Hunting for Ghosts: Rock Art Hiding in the High Desert of Montana | in the fresh air

About 470 years ago, a Native American painstakingly carved a warrior holding a shield into the shady side of a towering sandstone cliff.

The shield is almost completely round, as is the head of a small warrior engraved on top. Below the shield grows an image similar to an inverted stick – perhaps a leg. The leg is red, the head is chestnut.

There is a scene filmed elsewhere adorned with a warrior’s shield. Two animals emerge from a central hole opposite each other in a V-shape. The eyes of the animals and the hole are painted green. Archaeologists have interpreted the drawing as bears that arose from a den, an animal rebirth.

It was fitting to watch this shoot in the spring, when nature comes back to life. The significance of the faded images will only be revealed after the petroglyphs are left. Researching online, interviewing archaeologist Larry Leuendorf, and improving a friend’s photo of rock art broadened my view.

“The cycle of bear hibernation describes an event pattern imbued with symbolic meaning that begins with the bear’s ability to cross the boundary between the land of humans and the land beyond, the land of the nature god and deceased ancestors,” Linda McNeil writes in her book. Find the Ute Indian Bear Dance.

Archaeologists classify such images of shield-bearing warriors as ceremonial in style, compared to autobiographical ones that tell a story. “It is believed that ceremonial-style rock art has been used as part of vision-seeking activities,” David Muir wrote in his 1999 graduate thesis at the University of Montana.

At Weatherman Draw, Loendorf worked with digital photography specialists DStretch that promotes rock art.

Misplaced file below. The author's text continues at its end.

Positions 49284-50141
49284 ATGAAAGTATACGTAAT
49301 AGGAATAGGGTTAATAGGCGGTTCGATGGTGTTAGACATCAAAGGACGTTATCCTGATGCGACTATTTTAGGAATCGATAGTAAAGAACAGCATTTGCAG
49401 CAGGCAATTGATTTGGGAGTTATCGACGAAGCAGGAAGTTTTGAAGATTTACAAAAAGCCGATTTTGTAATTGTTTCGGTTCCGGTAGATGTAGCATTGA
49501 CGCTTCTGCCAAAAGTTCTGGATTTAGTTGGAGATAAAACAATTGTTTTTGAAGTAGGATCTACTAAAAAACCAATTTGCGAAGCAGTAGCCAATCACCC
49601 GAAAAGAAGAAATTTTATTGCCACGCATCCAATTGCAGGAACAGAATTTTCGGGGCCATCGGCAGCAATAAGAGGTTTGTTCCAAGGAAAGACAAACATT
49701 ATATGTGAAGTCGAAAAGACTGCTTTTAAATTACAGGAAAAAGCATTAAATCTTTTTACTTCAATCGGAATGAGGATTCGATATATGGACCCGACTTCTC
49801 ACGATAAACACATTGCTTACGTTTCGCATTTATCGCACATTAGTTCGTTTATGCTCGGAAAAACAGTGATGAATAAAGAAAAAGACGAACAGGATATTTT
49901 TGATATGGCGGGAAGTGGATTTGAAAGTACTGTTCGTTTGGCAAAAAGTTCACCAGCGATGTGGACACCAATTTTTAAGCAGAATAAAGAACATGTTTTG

“We have things where you can’t see anything on the rock,” he said.

So far, his investigations have identified 75 shield holders at 35 different locations in the Weatherman Draw area.

To see an artist’s depiction of age in Montana’s Weatherman sketch dimension added to the allure. Faded rock art isn’t easy to find, despite the many treks taken in the sandstone hoods, waterfalls, juniper, and sagebrush. Given the weathering the rocks receive in such a harsh landscape, it’s surprising that there are any petroglyphs (engravings) or pictographs (plates) left to see. But the picture is there, and next to it another picture, another, and more fragments of missing art below and to the side indicate the significance of the site.

“The main board has four legs, and between the legs are independent shields,” Loendorf said. “There are things on the left as well, including a character with a high knot like she’s tied into a ponytail over her head.”

Next to the bear’s shield is a shield of equal size with what appears to be the full outline of a grizzly bear in profile, its convex shoulder evident. Bear faces left.

Mavis and John Greer write in their report: “Bears were associated with the supernatural and were identified during rituals by most prehistoric cultures throughout the Northern Hemisphere, and with many northern Plains groups, the bear was considered distinctive and often associated with packages of medicine and therapy.” . “Bear Imagery in Central Montana Rock Art.”

In Montana, Greers divided ornamental bears into bodies and paws. They counted 54 bear carcasses statewide, seven of which had been identified. So this cliff face is extremely rare in Montana.

“It’s very much a Kiowa icon and also a Crow icon,” Loendorf said.

To me, it was strange that after about 20 years of searching the Weatherman Draw for these petroglyphs, parts of which are also known as Valley of the Shields or Valley of the Chiefs, a friend finally led us there about a week before I was due To give a talk about grizzly bears. Like ancient artists, my mind was focused on the bears as my body absorbed the warm spring sun.